I’m applying all this here in Japan. I’m listening and learning every single day. The people are fascinating. I love my colleagues. I love the business. There are lots of challenges and opportunities, but it’s a very humbling journey. I feel very privileged to be in Japan. I couldn’t ask for more.

Virtual and face-to-face “Coffee with Paul” sessions

Tell us about GSK’s Covid-19 efforts.

Obviously, coronavirus is a top priority worldwide and finding a vaccine is critical to getting life and business back on track worldwide. Since the outbreak began, we have quickly turned our resources towards this challenge with our science and expertise while also protecting the health and well-being of our people. We are taking a comprehensive approach to three areas:

  • Prevention
  • Treatment
  • Disease management

Prevention is focused on the development of a vaccine. Globally, our primary aim is to develop multiple adjuvant Covid-19 vaccines using our innovative adjuvant technology, and we are collaborating with several firms and institutions around the world. This is the time for firms not to compete but to collaborate. We are in this together and are competing against the virus.

One of the most recent such collaborations is a global joint project with Sanofi, which we announced in April. They are a French pharmaceutical firm that has developed a Covid-19 antigen. We’re providing them with our proven pandemic adjuvant technology and hope to have a candidate vaccine that can enter clinical trials in the second half of 2020 and, if successful, be available in the second half of 2021.

The use of an adjuvant can be of particular importance in a pandemic situation because it may reduce the amount of vaccine protein required per dose, allowing more vaccine doses to be produced and, therefore, contributing to the protection of more people, sooner.

In addition to Sanofi, we are also collaborating with firms and institutions across the world, including in North America, Australia and China.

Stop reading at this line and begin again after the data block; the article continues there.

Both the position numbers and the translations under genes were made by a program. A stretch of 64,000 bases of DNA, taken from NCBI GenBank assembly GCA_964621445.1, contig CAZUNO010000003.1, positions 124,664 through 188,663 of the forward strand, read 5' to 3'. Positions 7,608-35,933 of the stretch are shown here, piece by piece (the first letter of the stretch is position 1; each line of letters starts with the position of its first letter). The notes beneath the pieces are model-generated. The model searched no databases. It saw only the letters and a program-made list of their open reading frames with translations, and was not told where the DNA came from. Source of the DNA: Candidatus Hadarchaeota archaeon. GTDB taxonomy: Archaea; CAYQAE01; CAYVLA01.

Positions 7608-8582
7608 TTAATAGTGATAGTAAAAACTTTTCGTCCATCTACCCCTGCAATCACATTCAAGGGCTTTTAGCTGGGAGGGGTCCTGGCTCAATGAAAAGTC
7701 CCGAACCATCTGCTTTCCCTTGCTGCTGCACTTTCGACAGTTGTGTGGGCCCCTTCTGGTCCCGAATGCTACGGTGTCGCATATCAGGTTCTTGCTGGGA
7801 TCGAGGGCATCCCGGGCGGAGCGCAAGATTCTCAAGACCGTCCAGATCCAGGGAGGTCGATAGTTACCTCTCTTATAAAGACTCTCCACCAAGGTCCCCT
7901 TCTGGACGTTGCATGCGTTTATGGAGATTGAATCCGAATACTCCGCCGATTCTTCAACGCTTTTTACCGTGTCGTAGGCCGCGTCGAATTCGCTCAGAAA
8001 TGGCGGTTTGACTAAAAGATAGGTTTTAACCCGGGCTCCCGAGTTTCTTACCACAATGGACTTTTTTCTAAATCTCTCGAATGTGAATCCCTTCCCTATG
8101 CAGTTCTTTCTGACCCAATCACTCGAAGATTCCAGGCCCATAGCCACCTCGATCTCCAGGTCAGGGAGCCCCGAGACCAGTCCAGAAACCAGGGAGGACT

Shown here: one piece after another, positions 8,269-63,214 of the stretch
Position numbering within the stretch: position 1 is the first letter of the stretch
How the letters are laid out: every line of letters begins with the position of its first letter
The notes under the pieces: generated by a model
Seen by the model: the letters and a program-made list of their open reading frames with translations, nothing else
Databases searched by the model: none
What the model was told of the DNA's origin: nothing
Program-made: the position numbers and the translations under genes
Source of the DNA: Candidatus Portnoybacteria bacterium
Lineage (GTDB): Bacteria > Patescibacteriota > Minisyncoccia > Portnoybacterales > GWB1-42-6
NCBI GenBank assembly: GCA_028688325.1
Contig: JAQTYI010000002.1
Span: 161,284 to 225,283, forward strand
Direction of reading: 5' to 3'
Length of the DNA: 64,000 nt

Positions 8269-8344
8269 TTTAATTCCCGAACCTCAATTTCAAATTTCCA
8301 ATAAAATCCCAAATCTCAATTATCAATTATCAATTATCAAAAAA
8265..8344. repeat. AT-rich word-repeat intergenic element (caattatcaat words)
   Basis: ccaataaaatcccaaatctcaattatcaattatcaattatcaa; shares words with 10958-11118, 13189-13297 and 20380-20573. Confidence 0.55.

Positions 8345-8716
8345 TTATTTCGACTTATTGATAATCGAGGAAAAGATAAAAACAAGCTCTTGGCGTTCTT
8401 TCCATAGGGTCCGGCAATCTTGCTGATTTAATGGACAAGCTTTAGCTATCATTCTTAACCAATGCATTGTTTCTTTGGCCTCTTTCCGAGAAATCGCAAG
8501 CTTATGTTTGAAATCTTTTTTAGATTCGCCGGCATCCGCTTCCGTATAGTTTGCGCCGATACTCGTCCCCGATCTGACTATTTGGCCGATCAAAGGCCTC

Alongside vaccines, we are also exploring therapeutic options. In April, we entered into a collaboration with the US firm Vir Biotechnology, Inc. to identify and accelerate new antiviral antibodies that could be used as therapeutic or preventative options for Covid-19 or future corona-virus outbreaks.

Through this collaboration, we’re combining Vir’s technology with our expertise in functional genomics. We are also evaluating their marketed pharmaceutical products, as well as medicines in development, to determine if any could be used beyond their current indications in response to the pandemic. This includes medicines with potential direct antiviral activity and those with possible utility in prevention or treatment of secondary complications of Covid-19.

Beyond vaccines and medicines, we are also making other contributions using our capabilities and expertise—for example, to support national testing centers in England.

In addition, we are supporting global and local community funds, including the donation of $10mn to the United Nations–World Health Organization Covid-19 Solidarity Response Fund, to support distribution of essential supplies and personal protective equipment to health workers.

We have also made donations to contribute to healthcare in Japan, namely the Japan Respiratory Foundation, Japan Foundation and others.

As part of disease management in Japan, GSK also started an initiative using a telemedicine system that aims to enhance adherence to treatment. This could potentially protect asthma patients from Covid-19.

Finding solutions, such as vaccines and drugs, to Covid-19 is an unprecedented challenge. Supporting the global response to Covid-19 is at the heart of GSK’s purpose—to “do more, feel better, live longer”—and our business and portfolio are highly relevant and much needed.